22 February 2014 - Time is of the essence if the international community does not want to fail the people of the Central African Republic (CAR), top United Nations officials have warned.
Over the past year, Central African Republic has witnessed, in quick succession, the violent overthrow of the Government, the collapse of State institutions and a descent into lawlessness and sectarian brutality.
“The crisis that continues to unfold in the Central African Republic poses a test for the entire international community,” Secretary-General Ban Ki-moon said in his remarks to the Security Council.
Mr Ban proposed a six-point initiative to address the greatest risks being faced by the people of CAR, beginning with a call for the rapid reinforcement of the AU and French troops now on the ground with additional deployments of at least 3,000 more troops and police.
With whole populations being moved, Mr. Ban said “a creeping de facto partition of the country” is setting in, with Muslims in one part and Christians in another. “This separation is laying the seeds of conflict and instability for years, maybe generations, to come.” Attempts by religious leaders to calm the population have not succeeded.
The UN’s Under-Secretary-General for Humanitarian Affairs and Emergency Relief Coordinator, Valerie Amos, who wrapped up a visit to CAR on Thursday, said she was “shocked” by burned homes and people so scared by violence that they sleep in the bush at night. She noted that tensions between communities are high, and stressed the need for more troops on the ground to provide security and protection across the country.
The African Union and France have deployed troops to CAR to help stem the violence, and Mr. Ban voiced his gratitude to them for saving many lives and providing protection where they can.
“The human family must not shy away from what is happening today in the Central African Republic, or from our responsibilities – both yours and mine – under the United Nations Charter,” Mr Ban stressed. “Events in the CAR have implications across the region, and summon us to defend universal values as well. This complex security, humanitarian, human rights and political crisis demands a comprehensive and integrated response.”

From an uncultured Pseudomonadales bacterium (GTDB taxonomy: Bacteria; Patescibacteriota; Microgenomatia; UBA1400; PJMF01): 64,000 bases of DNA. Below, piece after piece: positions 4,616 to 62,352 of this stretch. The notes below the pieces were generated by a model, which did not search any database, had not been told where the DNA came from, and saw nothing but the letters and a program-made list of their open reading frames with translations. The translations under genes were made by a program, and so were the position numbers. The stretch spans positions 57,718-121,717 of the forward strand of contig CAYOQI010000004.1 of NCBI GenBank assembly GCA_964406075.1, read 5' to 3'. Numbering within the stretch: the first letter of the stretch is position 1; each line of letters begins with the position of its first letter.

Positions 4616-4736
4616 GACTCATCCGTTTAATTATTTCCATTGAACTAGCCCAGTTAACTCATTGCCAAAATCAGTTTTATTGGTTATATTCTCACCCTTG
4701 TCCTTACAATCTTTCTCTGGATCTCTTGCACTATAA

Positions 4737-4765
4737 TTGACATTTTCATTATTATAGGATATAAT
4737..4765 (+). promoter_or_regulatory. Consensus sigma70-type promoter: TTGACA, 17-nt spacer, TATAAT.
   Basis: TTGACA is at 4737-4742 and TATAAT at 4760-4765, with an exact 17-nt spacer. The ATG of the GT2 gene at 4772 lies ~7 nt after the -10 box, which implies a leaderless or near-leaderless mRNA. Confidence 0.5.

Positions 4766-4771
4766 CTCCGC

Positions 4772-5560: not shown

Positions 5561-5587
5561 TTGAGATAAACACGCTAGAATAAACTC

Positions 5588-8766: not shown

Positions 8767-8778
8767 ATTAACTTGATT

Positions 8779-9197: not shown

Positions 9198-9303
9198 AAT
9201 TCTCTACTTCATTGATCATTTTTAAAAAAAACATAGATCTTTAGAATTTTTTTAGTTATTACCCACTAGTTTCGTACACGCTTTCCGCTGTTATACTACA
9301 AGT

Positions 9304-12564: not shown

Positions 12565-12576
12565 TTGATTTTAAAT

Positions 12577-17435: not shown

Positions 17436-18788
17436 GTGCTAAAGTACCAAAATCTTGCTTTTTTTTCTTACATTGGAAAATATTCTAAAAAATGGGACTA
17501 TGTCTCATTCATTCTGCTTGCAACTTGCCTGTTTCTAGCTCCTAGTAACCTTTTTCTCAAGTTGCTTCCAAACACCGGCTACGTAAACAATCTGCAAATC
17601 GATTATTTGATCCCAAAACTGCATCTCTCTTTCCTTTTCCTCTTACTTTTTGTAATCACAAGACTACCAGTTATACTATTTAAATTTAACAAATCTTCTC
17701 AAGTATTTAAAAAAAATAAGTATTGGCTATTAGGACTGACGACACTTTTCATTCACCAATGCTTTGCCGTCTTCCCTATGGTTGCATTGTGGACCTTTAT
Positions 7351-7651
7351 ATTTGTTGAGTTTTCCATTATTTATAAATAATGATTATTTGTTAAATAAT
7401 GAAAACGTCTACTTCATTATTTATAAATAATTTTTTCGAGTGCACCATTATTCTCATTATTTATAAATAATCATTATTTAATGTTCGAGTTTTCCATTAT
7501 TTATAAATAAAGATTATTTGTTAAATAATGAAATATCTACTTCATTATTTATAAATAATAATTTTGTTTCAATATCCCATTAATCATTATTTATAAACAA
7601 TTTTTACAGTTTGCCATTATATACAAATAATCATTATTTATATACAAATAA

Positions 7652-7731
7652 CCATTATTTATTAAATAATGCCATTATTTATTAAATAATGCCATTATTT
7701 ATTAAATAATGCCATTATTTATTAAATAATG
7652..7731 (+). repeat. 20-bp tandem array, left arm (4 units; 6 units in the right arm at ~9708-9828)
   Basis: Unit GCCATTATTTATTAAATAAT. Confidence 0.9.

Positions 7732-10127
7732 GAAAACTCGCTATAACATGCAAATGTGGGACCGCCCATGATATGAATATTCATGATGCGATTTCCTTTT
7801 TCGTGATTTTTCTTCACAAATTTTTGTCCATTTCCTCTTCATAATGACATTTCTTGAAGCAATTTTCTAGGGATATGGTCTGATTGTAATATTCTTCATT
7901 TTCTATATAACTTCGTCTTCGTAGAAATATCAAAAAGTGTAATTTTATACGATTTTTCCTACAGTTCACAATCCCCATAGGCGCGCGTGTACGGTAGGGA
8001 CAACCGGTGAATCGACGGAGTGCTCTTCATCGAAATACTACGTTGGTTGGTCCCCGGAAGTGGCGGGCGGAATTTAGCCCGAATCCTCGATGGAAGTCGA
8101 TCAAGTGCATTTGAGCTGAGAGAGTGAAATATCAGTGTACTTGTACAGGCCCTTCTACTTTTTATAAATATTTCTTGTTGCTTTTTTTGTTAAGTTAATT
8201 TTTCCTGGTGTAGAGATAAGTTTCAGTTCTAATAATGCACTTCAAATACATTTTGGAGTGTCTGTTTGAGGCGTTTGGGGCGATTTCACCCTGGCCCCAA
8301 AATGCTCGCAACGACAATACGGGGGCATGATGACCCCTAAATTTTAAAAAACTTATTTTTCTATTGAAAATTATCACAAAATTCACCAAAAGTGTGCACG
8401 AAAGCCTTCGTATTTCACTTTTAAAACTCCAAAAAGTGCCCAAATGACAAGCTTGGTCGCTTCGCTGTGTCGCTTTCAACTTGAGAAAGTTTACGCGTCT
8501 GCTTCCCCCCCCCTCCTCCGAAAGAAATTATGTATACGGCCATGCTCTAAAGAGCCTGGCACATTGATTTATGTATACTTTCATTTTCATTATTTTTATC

“The people of the Central African Republic do not have months to wait. The international community must act decisively now to prevent any further worsening of the situation and to respond to the dire needs of the country’s people”, Mr Ban said. “We have the power to stop the killing and save the Central African Republic from its current nightmare.”
The conflict erupted when mainly Muslim Séléka rebels launched attacks in December 2012 and has taken on increasingly sectarian overtones as mainly Christian militias known as anti-Balaka (anti-machete) have taken up arms.
The crisis has already claimed thousands of lives, uprooted almost one million people and left more than 2.5 million people in need of immediate humanitarian assistance.
UNRIC's related links:
Library backgrounder on CAR http://www.unric.org/en/unric-library/28899
Sexual violence in the CAR conflict http://unric.org/en/latest-un-buzz/29030-fighting-rape-as-weapon-of-war
Interview with UN Deputy Special Representative in CAR, Kaarina Immonen http://unric.org/en/un-newsletter/28967-interview-of-the-month-kaarina-immonen
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